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Government Confirms Fierce Fighting In Central Province

July 23, 1990

BANGKOK, Thailand (AP) _ Cambodia’s Vietnamese-installed government today reported fierce fighting in a mountainous central province that it said Khmer Rouge guerrillas were trying to seize.

″The enemy is attempting by all means to seize control″ of Kompong Thom, the official SPK news agency quoted the chief provincial administrator, Khieu Horl, as saying.

Khieu Horl showed heaps of firearms, ammunition and other materiel recently captured from the guerrillas, said the report, who was monitored in Bangkok. He said about 800 Khmer Rouge guerrillas struck from all directions on June 17, but were repulsed in fighting that killed 112 guerrillas.

Government Col. Hang Thol was quoted as saying the guerrillas have intensified attacks since a last month’s agreement in Tokyo to arrange a truce, ″and have played havoc with any place they infiltrated into.″

The Khmer Rouge did not sign the Tokyo agreement.

The SPK report said the Khmer Rouge infiltrated through the many rivers crossing the province.

Claims of military successes by the government and the Khmer Rouge, both communist, are treated with skepticism. But other sources have confirmed heavy fighting in Kompong Thom, which previously was largely spared in the 11-year- old war as fighting focused on western areas bordering Thailand.

The Khmer Rouge and non-communist guerrillas loyal to Prince Norodom Sihanouk have seized wide areas of the province in recent months. Sihanouk’s fighters also briefly penetrated the provincial capital, also called Kompong Thom, said an Associated Press correspondent who visited the area.

The Khmer Rouge radio said Saturday it was preparing a new attack on the provincial capital, about 75 miles north of Phnom Penh.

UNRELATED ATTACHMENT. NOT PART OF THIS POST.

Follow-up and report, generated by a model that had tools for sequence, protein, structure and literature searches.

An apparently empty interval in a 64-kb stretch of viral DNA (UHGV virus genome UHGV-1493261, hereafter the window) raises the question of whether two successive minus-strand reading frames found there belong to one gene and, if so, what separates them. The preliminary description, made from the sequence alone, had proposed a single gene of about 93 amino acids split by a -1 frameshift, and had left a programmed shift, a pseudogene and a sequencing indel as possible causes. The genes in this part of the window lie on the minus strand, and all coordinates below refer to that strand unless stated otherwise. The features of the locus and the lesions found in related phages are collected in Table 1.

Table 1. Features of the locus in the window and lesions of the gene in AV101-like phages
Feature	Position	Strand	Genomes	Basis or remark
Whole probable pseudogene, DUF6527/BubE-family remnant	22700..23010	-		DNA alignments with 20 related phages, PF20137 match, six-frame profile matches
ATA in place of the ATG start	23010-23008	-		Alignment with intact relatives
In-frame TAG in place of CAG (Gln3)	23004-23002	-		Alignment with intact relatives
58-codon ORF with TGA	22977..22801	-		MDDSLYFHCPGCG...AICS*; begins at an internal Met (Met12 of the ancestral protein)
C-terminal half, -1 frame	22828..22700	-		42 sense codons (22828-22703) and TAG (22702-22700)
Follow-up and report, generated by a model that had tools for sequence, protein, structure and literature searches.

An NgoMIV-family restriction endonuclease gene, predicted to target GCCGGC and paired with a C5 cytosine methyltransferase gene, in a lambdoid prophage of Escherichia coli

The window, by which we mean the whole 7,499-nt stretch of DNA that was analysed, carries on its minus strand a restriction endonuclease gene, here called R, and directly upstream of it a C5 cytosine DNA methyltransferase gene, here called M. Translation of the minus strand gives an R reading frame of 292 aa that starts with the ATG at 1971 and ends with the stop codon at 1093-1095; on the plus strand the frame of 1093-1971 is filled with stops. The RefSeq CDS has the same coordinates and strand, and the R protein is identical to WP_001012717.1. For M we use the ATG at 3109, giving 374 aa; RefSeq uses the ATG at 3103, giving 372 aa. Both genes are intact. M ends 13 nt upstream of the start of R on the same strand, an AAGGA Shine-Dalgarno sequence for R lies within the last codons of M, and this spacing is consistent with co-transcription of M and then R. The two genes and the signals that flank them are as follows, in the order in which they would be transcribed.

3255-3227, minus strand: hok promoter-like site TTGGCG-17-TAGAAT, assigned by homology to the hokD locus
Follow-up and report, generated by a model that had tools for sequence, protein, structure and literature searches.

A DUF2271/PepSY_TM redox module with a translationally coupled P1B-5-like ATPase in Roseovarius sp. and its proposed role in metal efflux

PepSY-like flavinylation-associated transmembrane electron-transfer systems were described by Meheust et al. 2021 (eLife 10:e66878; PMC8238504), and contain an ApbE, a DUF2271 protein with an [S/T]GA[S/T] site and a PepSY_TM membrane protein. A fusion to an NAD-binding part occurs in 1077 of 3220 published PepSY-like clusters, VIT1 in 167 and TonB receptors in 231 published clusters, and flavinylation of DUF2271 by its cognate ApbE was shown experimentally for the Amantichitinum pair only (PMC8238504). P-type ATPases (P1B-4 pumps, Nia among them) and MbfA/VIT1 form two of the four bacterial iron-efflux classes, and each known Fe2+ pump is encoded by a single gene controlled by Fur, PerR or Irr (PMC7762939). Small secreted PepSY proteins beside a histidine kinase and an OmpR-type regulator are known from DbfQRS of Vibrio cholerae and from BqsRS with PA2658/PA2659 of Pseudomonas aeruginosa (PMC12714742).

It said that on July 12 and 13, 537 of its civilian supporters - including youths - voluntarily portered weapons, ammunition and food to guerrillas readying for the attack.

The Khmer Rouge, which killed hundreds of thousands of people when in power in the 1970s, is allied in a guerrilla coalition with the forces of Sihanouk and of the Khmer People’s National Liberation Front. Vietnam installed the current government in Phnom Penh after invading in late 1978.

A U.S. policy shift announced Wednesday has increased fears that the Khmer Rouge will escalate the fighting because of its international isolation. The United States, citing its opposition to the Khmer Rouge, said it was withdrawing recognition of the coalition’s seat at the United Nations in order to open talks with Vietnam on ending the Cambodian war.

The SPK agency on Saturday urged the Khmer Rouge and its main source of arms, China, to return to talks on arranging the cease-fire.

Sihanouk and Phnom Penh’s Prime Minister Hun Sen signed on June 5 in Tokyo the agreement calling for a truce, but the Khmer Rouge boycotted the talks after complaining it was not being treated as an equal.

China later said it did not support the agreement.